Friday, May 11, 2012

A Traditional China Cabinet Alternative

Have you ever had one of those "ah-ha!" moments where you felt so elated to learn of a new product that exists, only to have that brief moment quickly zapped by the realization that practically everyone in the whole world has known that product existed for quite some time now. Some might call it a humbling a moment, I prefer to call it an "arghhh" moment. It's like when you first found short ankle socks in the stores and it was the most awesome find ever because everyone was wearing them, until you realized that those socks had already been out in stores for several months and you had been wearing mid-length ankle socks all this time and no one bothered to tell you that those socks were so last year.

What you thought was cool at the time:           What everybody was actually wearing:        
(Googe Image link)                                                                    (Google Image Link)

Learning about the Ikea Expedit was kind of like learning about short ankle socks for me. Unfortunately, by the time I learned about the Expedit, I had already completed a DIY project.  It actually turned out really well, but I would have saved a lot of time and effort by using an Expedit instead of assembling 3 seperate Target shelving units. Here's the breakdown of this DIY project:

I knew I wanted a china cabinet to display special dishes I had received from my grandparents for my husband and mine's wedding. I did not want a traditional china cabinet so I opted to go for a more modern, youthful look. I decided on these shelving units at Target. I purchased three of these during a major sale for a grand total of ~$90.00. In retrospect, it saved me about $40.00 in comparison to the Ikea Expedit. Without a Target sale, however, the Expedit is the cheaper option.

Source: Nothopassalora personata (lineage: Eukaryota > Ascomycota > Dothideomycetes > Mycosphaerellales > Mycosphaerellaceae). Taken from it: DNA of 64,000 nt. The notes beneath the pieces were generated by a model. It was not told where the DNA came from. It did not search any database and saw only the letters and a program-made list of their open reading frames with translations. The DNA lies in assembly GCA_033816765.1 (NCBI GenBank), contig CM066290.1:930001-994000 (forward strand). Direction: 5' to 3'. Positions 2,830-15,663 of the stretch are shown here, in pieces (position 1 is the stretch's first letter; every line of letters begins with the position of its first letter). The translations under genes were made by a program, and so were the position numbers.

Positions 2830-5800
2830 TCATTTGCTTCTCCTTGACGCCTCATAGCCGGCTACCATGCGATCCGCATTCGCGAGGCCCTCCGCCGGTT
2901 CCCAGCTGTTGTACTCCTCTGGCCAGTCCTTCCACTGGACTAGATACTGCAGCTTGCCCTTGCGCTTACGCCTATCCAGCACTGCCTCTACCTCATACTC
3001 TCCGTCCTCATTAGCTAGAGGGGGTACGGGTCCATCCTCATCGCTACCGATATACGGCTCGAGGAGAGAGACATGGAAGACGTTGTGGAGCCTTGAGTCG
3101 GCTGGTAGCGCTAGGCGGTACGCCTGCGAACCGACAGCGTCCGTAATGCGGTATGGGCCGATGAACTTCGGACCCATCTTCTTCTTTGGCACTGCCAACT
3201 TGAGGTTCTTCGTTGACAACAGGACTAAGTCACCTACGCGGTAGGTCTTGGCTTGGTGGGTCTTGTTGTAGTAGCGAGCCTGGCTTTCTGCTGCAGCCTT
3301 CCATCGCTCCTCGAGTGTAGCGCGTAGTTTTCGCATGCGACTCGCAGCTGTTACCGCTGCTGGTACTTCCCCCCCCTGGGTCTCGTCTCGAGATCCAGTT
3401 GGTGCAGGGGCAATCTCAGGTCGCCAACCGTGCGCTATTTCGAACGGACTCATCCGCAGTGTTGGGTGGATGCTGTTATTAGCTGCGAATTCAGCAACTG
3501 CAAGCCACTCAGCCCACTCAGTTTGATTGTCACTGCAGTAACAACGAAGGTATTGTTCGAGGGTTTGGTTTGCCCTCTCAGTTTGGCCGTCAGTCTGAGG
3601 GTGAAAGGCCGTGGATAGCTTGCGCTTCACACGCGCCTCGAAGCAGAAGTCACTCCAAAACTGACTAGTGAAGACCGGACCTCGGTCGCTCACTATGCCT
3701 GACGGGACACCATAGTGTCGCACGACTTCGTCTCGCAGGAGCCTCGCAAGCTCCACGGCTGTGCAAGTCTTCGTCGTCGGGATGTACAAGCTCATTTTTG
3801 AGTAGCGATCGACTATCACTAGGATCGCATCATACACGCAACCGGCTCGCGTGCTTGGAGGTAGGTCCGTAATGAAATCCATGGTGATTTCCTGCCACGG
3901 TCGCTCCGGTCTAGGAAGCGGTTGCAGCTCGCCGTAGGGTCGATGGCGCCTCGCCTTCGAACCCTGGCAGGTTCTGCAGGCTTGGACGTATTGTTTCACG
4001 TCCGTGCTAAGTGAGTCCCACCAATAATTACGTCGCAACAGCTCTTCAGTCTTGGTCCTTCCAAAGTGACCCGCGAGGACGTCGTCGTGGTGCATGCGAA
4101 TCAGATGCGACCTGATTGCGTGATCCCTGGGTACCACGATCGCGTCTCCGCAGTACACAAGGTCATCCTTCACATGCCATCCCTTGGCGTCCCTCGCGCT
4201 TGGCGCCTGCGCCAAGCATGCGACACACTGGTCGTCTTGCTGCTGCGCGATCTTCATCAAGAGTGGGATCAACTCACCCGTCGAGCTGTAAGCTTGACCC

With my husband's help, we assembled the shelves, opted to leave off the white backing panels, laid them horizontally, stacked the horizontal pieces vertically, and then secured them with the provided brackets, like this.
   (Circle shows the two separate units stacked atop each other,
    the arrow points to the back, where bracket secures the units together)

(The bracket in the back, against the wall side so it's not visible. Use these on each side to fully secure)

 The shelves are designed to be interlocked, so assembling these atop each other was pretty easy. The brackets added extra safety so the separate shelves wouldn't detach and fall over. I added some cute decorations and the china dishes and this is the end result:
Ta-da! I'm so happy with the way it turned out!

Fill each cube space with books, cook books, and other things that show your personality and style and you've got yourself a fun, youthful looking alternative to a china cabinet!

The Target shelves worked well, but if I had to redo it all over, I would have spent the extra few $$ on the Expedit =) Another DIY lesson learned.


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